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Tim Ryan and J.D. Vance tangle over authenticity and abortion in first Ohio Senate debate

The debate in Cleveland, televised across the state, was the first of two before Election Day. Polls indicate a tight race for the open seat to succeed Republican Rob Portman.
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CLEVELAND — Democratic Rep. Tim Ryan and his Republican rival, author J.D. Vance, jumped into Monday night’s Ohio Senate debate with the same goal: to paint the other as a phony who’s unworthy of the job.

In a race that could determine which party controls the Senate over the next two years, Ryan and Vance argued over who had demonstrated authentic concern about the opioid epidemic and the loss of manufacturing jobs to China — two of the most pressing problems facing the state. They also fought over who had the most sensible position on abortion, a driving issue in this year’s midterm elections. And they repeatedly jostled over who was the most credible Ohioan.

Vance, a venture capitalist with ties to Silicon Valley whose memoir, “Hillbilly Elegy,” became an Oscar-nominated film, characterized Ryan as a 20-year creature of Washington who had lost touch with the voters of his Youngstown-area district. Ryan, who has spent most of his adult life in elected office, framed Vance as a wine-and-cheese coastal elite who also pals around with election deniers while being subservient to former President Donald Trump.

“I don’t kiss anyone’s a-- like him,” Ryan said of Vance, paraphrasing a line Trump used at a recent Ohio rally to describe his relationship with Vance, once a sharp critic of Trump’s.

“Ohio needs an a-- kicker,” Ryan added. “Not an a-- kisser.”

Vance shot back: “Well-rehearsed line, Tim.” He had fended off a similar attack earlier in the hourlong debate by playing up a speech in which Ryan joked that he had to “suck up” to his “future boss,” Senate Majority Leader Chuck Schumer, D-N.Y.

“I’m not going to take lectures on dignity and self-respect from a guy caught on video kissing up to Chuck Schumer and begging him for a promotion,” Vance said. “We’re getting close to Halloween, and Tim Ryan has put on a costume where he pretends to be a reasonable moderate.”

The debate here in Cleveland, televised across the state, was the first of two scheduled before Election Day. Ryan and Vance hope to succeed retiring Republican Sen. Rob Portman, and polls indicate a close race, with slim leads on either side falling with the margin of error. Vance has struggled to raise money but is being buoyed by more than $30 million worth of advertising bought by outside groups, while Ryan, a prolific fundraiser, has received little financial support from national Democrats.

Ryan’s overtures to moderate and independent voters have been the cornerstone of his campaign. On Monday, he frequently tried to characterize Vance as being too extreme for a state that hasn't voted for a Democrat for president since 2012.

“Who says that the election was stolen? J.D. Vance does,” Ryan said before he name-checked several Republicans who have been vilified on the left. “Who runs around with Ron DeSantis, the governor of Florida who wants to ban books? You’re running around with [South Carolina Sen.] Lindsey Graham, who wants a national abortion ban. You’re running around with [Georgia Rep.] Marjorie Taylor Greene, who’s the absolute looniest politician in America. This is a dangerous group, and we do need to confront it. That’s why I’m running to represent the exhausted majority: Democrats, Republicans and independents.”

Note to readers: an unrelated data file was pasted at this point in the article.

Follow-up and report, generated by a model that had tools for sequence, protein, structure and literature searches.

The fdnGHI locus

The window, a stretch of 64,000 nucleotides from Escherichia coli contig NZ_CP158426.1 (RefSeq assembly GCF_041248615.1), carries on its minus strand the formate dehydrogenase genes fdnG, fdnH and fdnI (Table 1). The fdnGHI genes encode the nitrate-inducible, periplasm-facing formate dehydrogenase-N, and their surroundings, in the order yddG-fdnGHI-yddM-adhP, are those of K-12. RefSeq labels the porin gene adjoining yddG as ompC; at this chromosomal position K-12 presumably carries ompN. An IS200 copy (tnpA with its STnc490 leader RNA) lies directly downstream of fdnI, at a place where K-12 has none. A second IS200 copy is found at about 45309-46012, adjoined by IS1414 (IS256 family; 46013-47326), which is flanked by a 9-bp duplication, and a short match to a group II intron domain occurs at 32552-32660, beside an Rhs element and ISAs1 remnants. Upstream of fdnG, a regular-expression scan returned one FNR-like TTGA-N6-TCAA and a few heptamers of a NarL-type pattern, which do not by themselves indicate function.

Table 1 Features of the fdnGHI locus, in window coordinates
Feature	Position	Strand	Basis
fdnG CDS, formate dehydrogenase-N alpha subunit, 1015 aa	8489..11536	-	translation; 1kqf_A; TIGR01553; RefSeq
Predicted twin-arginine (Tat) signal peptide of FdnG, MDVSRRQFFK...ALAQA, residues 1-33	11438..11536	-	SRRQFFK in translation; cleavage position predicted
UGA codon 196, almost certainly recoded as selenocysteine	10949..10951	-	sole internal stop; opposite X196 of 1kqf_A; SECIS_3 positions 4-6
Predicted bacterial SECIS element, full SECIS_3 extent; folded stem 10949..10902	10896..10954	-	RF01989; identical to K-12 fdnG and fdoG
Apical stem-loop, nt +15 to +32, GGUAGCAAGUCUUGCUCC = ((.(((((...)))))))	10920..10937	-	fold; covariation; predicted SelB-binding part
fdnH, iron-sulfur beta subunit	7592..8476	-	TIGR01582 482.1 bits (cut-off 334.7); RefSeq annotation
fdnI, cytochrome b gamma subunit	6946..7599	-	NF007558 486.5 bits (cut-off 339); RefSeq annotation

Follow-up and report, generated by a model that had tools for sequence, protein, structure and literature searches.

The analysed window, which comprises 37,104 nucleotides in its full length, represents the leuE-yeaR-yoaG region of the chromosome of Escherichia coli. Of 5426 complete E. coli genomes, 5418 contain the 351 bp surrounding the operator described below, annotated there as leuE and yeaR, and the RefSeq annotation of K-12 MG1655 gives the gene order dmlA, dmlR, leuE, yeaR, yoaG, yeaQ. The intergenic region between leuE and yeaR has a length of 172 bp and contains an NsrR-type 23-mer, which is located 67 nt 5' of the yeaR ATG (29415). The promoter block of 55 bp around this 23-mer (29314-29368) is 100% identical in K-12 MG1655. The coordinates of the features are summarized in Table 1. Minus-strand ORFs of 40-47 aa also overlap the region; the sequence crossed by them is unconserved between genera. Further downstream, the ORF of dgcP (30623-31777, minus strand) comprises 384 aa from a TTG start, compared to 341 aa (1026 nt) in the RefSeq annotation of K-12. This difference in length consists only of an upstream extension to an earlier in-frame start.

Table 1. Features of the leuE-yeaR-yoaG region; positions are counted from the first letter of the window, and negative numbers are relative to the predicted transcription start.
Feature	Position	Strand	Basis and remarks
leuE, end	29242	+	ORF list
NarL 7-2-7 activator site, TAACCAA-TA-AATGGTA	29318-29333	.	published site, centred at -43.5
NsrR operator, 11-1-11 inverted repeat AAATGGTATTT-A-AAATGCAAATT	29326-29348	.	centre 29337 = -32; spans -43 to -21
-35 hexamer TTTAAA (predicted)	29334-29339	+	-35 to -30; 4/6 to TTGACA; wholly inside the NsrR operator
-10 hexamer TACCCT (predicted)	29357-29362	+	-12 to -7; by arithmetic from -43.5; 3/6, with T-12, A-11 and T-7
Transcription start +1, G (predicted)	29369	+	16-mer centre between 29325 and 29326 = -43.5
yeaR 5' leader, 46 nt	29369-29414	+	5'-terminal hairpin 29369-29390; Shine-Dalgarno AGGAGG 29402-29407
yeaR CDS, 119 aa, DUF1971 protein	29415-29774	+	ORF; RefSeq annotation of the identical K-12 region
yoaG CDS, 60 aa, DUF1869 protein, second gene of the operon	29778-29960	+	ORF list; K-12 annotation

A moderator's questions about abortion — an issue that hasn’t animated the Ohio Senate race as much as jobs and the economy — provoked some of the most direct answers Vance has offered about the topic, specifically about Graham’s proposed 15-week ban.

“Some minimum national standard is totally fine with me,” Vance said. “We’re talking about 5-month-old babies, fully formed babies, who can feel pain. No civilized country in the world allows elective abortion that late in pregnancy. I don’t think the United States should be an exception.”

Vance also said he believes in “reasonable exceptions” under which abortion should be allowed, citing the highly publicized case of a 10-year-old Ohio girl who traveled to neighboring Indiana for an abortion over the summer after she was raped. He then quickly pivoted to questions surrounding the immigration status of the rape suspect, a Guatemalan man in the country illegally, and cast blame on Ryan.

“If you had done your job, she would have never been raped in the first place,” Vance said. “Do your job on border security.”

Ryan, who was anti-abortion rights earlier in his political career, said Monday night that he believes the constitutional right to an abortion, lost when the Supreme Court overturned Roe v. Wade in June, should be codified into federal law.

“This is the largest governmental overreach in the history of our lifetime,” Ryan said. “A complete violation of personal freedom and liberty of women in this state.”

CORRECTION (Oct. 11, 2022, 3:02 p.m. ET): A previous version of this story misquoted Rep. Tim Ryan’s characterization of Rep. Marjorie Taylor Greene. He called her the “absolute looniest politician in America,” not the “absolute loneliest.”